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On the Charts: Metallica Dominate, Jessica Simpson Debuts Strong

September 17, 2008 11:24 AM ET

The Big News: Metallica only needed four days to storm to the top of the charts, as the current cover boys sold 490,000 copies since its Friday release. While the shortened week prevented the band from setting a personal one-week sales record, they did manage to sell 400,000 more copies than the number two record, Young Jeezy's The Recession. Kid Rock's Rock N' Roll Jesus stayed embedded at three, while Jessica Simpson's country music crossover Do You Know scored fourth with 65,000 copies sold. Slipknot's All Hope Is Gone rounded out our top five.

Debuts: LL Cool J's Exit 13 led the second wave of debuts, coming in at nine with 44,000 copies, or a third of the copies LL's Todd Smith sold in its first week in 2006. Supertramp-samplers Gym Class Heroes only managed to muster the 14 spot with their new album The Quilt. Comedian Mitch Hedburg's posthumous Do You Believe In Gosh? charted at 18, Kardinal Offishall's Not 4 Sale claimed 40 and Okkervil River's The Stand-Ins placed at 42.

Last Week's Heroes: Outside of the debuts, this week's top ten shared a striking resemblance with last week's with one notable exception: Lil Wayne cashed in on his VMA and SNL performances as Tha Carter III bumped up from 10 to eight thanks to a 2% sales increase. The biggest loser had to be the New Kids on the Block, as their The Block spiraled from two down to 16 thanks to a 72% sales decrease.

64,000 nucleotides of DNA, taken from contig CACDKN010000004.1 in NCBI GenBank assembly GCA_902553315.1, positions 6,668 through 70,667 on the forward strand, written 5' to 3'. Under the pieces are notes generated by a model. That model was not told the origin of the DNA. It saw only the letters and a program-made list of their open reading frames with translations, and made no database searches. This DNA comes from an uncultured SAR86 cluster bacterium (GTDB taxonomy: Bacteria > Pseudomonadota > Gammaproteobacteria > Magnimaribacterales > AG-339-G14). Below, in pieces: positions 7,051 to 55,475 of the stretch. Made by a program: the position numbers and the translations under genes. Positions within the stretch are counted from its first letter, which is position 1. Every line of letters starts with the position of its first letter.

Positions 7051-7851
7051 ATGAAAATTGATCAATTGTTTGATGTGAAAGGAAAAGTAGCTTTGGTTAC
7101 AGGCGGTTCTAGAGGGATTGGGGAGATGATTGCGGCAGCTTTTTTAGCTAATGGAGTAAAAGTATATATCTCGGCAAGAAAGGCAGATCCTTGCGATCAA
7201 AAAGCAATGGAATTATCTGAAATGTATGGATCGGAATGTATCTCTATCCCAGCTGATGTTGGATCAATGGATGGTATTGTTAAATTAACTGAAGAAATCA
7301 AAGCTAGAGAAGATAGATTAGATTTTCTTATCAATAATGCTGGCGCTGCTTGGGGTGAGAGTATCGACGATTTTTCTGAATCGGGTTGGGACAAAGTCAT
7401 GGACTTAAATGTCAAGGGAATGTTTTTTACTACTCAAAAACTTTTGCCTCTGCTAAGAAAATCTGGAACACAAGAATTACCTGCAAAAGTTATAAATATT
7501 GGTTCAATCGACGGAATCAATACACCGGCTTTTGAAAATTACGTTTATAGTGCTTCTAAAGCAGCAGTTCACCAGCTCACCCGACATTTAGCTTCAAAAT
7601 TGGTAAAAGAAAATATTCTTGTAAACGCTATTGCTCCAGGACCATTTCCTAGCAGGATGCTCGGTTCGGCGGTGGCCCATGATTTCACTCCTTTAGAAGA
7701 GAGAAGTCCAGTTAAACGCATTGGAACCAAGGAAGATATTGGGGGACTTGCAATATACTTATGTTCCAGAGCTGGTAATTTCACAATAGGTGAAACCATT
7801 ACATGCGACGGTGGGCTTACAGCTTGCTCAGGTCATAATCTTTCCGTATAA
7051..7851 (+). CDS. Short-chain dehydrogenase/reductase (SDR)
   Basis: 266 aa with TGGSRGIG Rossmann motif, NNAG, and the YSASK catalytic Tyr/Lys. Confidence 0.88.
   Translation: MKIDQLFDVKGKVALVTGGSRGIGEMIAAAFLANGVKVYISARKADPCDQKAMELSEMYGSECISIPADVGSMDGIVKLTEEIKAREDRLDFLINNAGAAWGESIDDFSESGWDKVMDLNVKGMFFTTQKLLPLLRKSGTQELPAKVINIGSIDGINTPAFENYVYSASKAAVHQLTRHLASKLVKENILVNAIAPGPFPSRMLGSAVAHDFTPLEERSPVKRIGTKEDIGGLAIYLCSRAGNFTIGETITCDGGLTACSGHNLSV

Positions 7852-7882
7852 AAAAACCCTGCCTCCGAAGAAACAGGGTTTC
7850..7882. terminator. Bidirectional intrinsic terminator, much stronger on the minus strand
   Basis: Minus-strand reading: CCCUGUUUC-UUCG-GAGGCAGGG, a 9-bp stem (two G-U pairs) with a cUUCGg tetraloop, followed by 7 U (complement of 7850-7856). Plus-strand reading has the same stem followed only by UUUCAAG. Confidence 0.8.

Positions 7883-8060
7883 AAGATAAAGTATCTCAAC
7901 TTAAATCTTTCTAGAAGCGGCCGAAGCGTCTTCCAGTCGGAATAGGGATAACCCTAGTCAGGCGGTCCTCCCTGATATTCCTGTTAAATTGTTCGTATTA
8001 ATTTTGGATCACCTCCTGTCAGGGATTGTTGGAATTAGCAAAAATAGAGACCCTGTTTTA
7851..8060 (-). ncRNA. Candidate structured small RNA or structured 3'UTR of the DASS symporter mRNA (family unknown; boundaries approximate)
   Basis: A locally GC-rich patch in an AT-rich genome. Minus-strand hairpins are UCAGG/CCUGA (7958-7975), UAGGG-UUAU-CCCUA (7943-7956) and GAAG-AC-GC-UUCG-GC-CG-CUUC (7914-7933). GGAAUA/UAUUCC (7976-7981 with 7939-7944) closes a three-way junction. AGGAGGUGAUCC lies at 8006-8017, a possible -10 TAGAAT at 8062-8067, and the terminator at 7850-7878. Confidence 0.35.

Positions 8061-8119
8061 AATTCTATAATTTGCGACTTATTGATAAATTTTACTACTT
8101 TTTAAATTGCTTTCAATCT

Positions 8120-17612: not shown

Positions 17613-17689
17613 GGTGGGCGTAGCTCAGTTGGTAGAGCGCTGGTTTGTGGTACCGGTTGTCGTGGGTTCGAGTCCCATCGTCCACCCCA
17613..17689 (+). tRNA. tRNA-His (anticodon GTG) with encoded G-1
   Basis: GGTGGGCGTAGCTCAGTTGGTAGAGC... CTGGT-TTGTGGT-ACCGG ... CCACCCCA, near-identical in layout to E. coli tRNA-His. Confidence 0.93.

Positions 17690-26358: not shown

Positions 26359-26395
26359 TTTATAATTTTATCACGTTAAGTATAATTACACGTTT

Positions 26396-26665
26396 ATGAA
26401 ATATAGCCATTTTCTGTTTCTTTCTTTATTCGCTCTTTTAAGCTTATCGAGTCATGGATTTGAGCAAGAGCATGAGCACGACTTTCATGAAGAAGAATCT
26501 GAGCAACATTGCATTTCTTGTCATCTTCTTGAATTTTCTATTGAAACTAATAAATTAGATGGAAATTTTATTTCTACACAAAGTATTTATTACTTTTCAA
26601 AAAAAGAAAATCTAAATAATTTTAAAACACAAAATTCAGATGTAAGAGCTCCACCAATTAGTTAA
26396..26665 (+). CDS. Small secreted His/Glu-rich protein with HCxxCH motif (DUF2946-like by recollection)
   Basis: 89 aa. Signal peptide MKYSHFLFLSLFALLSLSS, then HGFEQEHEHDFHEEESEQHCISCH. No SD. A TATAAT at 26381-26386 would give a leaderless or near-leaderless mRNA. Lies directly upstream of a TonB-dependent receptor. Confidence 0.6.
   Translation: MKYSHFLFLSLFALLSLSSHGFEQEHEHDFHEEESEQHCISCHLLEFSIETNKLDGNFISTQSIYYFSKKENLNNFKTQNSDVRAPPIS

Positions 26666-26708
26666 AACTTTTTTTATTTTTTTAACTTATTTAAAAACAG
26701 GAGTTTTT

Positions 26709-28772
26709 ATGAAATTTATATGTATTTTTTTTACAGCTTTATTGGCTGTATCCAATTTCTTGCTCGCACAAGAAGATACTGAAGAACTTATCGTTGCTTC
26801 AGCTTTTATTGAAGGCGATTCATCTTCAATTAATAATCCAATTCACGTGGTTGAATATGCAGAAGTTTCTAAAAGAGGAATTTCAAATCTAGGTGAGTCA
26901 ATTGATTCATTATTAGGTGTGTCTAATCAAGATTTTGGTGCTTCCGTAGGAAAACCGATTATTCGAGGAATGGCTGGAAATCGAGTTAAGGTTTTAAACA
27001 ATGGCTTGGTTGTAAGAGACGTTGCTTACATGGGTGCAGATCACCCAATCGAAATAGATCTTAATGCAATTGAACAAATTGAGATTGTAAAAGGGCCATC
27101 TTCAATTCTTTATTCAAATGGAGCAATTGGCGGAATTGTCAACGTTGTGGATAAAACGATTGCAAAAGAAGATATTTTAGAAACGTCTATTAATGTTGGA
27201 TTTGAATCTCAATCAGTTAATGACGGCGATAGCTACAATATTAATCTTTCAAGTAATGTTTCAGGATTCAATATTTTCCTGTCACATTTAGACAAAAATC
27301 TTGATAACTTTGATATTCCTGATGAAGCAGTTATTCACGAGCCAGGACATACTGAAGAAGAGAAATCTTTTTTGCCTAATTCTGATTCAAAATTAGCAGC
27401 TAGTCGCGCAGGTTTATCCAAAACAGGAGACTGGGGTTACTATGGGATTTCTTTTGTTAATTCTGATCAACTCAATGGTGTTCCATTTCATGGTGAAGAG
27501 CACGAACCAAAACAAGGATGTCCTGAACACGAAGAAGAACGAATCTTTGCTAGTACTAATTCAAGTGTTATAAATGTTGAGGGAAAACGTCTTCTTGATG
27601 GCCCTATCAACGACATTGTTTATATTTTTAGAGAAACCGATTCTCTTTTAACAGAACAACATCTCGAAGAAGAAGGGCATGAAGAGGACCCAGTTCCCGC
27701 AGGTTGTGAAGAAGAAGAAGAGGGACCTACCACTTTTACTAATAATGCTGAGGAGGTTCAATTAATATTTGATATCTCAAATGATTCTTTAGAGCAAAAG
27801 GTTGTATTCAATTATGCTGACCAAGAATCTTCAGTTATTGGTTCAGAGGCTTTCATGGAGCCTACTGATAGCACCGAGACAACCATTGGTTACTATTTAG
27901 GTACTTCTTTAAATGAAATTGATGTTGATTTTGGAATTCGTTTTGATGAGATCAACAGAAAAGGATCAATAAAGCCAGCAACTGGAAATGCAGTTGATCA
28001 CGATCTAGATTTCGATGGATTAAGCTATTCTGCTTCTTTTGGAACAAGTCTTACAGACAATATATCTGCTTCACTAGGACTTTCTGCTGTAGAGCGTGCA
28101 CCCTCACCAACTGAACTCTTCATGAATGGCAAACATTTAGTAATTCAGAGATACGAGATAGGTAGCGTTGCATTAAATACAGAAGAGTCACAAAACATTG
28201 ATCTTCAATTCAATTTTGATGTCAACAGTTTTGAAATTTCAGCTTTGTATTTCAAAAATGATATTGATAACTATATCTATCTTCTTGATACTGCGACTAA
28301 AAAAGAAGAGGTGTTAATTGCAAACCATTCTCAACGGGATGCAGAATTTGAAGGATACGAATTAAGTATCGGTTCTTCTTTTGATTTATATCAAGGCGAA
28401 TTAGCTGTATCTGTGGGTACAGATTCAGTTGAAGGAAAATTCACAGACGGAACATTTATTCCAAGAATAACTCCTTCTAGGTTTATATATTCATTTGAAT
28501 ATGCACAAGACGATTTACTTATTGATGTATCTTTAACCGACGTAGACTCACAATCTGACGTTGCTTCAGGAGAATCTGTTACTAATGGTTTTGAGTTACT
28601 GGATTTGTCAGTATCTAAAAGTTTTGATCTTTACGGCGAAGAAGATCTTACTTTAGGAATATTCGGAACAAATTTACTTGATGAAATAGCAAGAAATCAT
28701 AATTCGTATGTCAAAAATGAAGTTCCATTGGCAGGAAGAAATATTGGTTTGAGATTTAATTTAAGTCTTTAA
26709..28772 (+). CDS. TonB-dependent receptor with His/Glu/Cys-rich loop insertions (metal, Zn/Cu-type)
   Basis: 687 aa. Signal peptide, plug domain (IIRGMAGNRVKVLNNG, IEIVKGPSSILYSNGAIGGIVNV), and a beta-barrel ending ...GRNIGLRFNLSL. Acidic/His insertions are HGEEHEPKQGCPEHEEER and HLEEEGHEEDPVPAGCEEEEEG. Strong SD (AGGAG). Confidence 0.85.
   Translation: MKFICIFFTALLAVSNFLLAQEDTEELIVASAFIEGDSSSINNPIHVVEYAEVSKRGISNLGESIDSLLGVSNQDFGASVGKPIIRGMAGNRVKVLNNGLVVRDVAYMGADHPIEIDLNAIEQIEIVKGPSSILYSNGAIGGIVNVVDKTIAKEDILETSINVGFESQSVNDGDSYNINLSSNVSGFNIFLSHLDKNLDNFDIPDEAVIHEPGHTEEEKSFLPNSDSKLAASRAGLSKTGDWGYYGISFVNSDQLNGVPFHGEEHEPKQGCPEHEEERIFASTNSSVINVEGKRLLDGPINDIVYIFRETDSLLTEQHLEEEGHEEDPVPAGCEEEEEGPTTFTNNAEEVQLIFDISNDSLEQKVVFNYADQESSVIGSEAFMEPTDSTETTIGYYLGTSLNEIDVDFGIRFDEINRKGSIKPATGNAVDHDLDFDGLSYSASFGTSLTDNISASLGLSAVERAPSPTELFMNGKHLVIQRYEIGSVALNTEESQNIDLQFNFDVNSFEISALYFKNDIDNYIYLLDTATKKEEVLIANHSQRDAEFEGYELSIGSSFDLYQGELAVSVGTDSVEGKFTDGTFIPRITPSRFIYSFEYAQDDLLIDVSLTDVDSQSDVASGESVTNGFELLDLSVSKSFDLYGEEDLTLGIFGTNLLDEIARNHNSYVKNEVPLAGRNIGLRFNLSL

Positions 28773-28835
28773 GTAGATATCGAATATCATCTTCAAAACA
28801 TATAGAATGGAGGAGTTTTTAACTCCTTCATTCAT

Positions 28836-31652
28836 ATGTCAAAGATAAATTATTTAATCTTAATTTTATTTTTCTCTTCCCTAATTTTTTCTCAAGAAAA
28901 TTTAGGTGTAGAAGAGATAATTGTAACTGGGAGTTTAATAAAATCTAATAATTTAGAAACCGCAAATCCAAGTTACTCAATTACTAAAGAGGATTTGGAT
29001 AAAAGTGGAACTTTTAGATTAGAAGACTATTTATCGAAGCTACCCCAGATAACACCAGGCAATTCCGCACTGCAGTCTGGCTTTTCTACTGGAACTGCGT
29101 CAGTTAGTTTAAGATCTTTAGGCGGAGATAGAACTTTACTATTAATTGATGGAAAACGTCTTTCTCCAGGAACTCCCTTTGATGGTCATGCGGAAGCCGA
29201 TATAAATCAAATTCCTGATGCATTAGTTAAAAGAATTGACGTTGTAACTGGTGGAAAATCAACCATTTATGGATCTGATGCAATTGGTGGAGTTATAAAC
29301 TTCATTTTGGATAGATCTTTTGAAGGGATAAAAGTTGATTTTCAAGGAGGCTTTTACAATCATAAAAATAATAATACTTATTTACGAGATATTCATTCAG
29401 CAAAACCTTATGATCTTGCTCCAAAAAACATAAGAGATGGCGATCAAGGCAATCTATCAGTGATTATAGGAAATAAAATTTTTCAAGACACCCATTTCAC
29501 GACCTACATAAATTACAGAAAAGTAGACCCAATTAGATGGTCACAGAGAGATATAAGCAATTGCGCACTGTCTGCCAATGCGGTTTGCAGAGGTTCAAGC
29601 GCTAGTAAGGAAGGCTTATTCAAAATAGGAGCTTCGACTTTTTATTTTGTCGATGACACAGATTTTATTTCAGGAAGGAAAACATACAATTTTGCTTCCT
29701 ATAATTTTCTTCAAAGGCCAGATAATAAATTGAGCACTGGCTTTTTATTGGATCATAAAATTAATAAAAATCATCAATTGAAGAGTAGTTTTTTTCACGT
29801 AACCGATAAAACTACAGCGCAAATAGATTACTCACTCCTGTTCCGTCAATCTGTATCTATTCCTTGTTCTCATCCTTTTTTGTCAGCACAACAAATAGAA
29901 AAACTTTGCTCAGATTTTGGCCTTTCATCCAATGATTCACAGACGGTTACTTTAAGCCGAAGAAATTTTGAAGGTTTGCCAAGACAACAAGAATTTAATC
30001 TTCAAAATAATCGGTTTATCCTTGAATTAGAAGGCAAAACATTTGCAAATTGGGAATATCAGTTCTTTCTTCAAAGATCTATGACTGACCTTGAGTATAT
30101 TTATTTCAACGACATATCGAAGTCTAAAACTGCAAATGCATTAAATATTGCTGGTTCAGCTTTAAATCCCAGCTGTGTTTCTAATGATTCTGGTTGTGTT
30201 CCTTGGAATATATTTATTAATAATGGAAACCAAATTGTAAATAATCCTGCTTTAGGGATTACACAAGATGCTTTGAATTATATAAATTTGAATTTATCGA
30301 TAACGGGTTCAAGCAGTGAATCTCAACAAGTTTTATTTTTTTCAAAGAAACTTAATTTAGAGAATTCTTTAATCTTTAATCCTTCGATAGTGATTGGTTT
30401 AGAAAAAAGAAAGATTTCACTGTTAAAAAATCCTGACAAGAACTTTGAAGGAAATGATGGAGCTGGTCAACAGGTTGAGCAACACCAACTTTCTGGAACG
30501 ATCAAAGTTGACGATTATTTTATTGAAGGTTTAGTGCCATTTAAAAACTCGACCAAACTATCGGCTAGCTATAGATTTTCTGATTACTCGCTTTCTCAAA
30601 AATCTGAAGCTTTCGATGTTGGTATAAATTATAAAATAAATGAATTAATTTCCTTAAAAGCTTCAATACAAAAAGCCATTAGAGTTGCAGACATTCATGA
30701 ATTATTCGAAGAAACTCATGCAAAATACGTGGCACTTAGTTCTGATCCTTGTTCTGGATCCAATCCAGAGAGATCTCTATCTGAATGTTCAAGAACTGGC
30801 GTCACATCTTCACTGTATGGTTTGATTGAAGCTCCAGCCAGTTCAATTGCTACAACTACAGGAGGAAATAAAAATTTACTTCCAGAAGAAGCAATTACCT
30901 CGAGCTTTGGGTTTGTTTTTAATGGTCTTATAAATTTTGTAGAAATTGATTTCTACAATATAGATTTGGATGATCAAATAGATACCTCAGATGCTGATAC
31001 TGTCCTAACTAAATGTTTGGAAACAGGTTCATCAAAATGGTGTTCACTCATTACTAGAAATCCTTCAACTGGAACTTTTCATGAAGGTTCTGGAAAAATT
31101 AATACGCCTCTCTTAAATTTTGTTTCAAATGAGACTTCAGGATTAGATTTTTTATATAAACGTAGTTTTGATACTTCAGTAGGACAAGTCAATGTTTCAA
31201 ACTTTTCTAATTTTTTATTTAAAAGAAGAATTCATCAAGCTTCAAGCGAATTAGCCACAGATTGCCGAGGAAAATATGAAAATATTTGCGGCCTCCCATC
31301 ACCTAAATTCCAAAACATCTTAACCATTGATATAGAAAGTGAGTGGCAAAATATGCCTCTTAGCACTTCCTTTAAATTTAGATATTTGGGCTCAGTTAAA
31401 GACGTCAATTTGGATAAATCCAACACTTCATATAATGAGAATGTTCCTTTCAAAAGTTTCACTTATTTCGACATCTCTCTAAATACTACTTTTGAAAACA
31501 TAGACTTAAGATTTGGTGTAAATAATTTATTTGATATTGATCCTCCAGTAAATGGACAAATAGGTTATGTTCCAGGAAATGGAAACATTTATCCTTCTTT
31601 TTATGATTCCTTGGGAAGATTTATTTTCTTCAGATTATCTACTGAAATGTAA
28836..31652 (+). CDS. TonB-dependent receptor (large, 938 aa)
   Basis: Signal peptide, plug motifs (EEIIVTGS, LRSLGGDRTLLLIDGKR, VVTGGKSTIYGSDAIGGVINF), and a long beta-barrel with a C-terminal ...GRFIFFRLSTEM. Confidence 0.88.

Related Stories:
New Reviews: Metallica, Ne-Yo, Nelly
Metallica Stir Up Mosh Pit At BBC Radio Death Magnetic Show
Metallica's New Single: The First Review

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Song Stories

“Nightshift”

The Commodores | 1984

The year after soul legends Marvin Gaye and Jackie Wilson died, songwriter Dennis Lambert asked members of the Commodores to give him a tape of ideas. "And the one from Walter Orange has this wonderful bass line," said co-writer Franne Golde. "Plus the lyric, 'Marvin, he was a friend of mine' ... Within 10 minutes, we had decided it should be something like a modern R&B version of 'Rock 'n' Roll Heaven,' and I just said, 'Nightshift.'" This tribute to the recently deceased musicians was the band's only hit without Lionel Richie, who had left for a solo career.

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